Luis Suarez's lawyer flew to Rio de Janeiro this morning to present his defence after the Uruguay striker appeared to bite a player during his team's 1-0 victory over Italy, leaving him facing a lengthy ban if found guilty by soccer's governing body.
The incident in Natal has brought the ugly side of the game to the fore, marring a tournament that has been widely praised for its attacking football and major upsets.
Suarez, who has been banned from soccer twice previously for biting, has until 5pm local time (9pm Irish times) to present his case to Fifa.
"We're polishing off a defence argument," his lawyer Alejandro Balbi told local radio in Uruguay, where many people support the gifted frontman and feel he is being unfairly singled out by media in Europe.
“We don’t have any doubts that this has happened because it’s Suarez and secondly because Italy was eliminated,” added Balbi, who is also a Uruguay FA board member. “There’s a lot of pressure from England and Italy.”
The referee did not spot the incident during the match, but Fifa’s rules allow the use of video or “any other evidence” to punish players retrospectively.
Fifa's disciplinary code sets a maximum ban of 24 matches or two years, but the longest suspension Fifa has imposed for an offence at a World Cup was eight games for Italy's Mauro Tassotti for breaking the nose of Spain's Luis Enrique in 1994.
Uruguay could potentially play four more games in the tournament, and it would be a surprise if Suarez were to be given a ban of a shorter duration if found guilty.
Fifa said it would work as quickly as possible in its investigation into the incident, with Uruguay due to play Colombia on Saturday in Rio de Janeiro in the first knockout round.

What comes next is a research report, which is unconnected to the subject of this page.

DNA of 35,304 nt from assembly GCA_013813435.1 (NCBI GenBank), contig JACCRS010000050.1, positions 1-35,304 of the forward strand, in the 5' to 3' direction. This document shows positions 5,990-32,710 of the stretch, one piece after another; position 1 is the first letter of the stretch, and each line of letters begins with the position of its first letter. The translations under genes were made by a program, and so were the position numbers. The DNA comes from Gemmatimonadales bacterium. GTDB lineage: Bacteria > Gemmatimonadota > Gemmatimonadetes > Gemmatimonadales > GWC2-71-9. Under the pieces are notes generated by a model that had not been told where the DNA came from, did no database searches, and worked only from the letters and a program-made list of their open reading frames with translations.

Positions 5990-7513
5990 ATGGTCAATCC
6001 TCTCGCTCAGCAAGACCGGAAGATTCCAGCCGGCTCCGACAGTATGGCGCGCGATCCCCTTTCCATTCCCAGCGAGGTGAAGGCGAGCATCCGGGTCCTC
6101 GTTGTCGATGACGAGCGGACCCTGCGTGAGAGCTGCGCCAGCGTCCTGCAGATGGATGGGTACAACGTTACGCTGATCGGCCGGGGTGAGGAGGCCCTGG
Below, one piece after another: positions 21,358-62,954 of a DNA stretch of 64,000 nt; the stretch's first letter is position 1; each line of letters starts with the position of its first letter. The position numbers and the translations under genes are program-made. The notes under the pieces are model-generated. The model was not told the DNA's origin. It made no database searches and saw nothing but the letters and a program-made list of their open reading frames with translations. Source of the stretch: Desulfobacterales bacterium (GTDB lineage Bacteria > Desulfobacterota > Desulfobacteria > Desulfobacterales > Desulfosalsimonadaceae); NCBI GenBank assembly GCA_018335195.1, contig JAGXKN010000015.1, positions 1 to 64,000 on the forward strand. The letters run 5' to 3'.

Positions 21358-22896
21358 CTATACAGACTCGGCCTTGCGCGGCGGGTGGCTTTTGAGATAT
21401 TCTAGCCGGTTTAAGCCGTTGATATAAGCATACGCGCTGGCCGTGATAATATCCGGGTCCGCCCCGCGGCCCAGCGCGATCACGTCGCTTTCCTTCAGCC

"The Disciplinary Committee understands the urgency of the matter," spokeswoman Delia Fischer told reporters.
“It is working to get and assess all elements in order to make a decision as early as possible, particularly given the fact that Uruguay are still in the tournament.
“We will get an update to you later today or tomorrow or whenever they take their decision,” she said.
Brazil's sports minister Aldo Rebelo said the incident was "regrettable" for its potential impact on the World Cup.
“I think it’s very bad that it happened,” he told reporters. “He (Suarez) is an exceptional player, helps to give the World Cup more attention. That was not the first bite. Other ones have happened.”
Suarez has denied biting Chiellini.
“Those are situations that happen on the pitch. We were both just there inside the area. He shoved me with his shoulder, and my eye got left like that also,” he said after the match, in reference to Chiellini’s marks.
Balbi, who is travelling to Rio de Janeiro with Uruguay FA boss Wilmar Valdez to present their case to Fifa, echoed those remarks.
“There is a possibility that they ban him, because there are precedents, but we’re convinced that it was an absolutely casual play, because if Chiellini can show a scratch on one shoulder, Suarez can show a bruised and almost shut eye,” Balbi said.
“We’re going to use all the arguments possible so that Luis gets out in the best possible way.”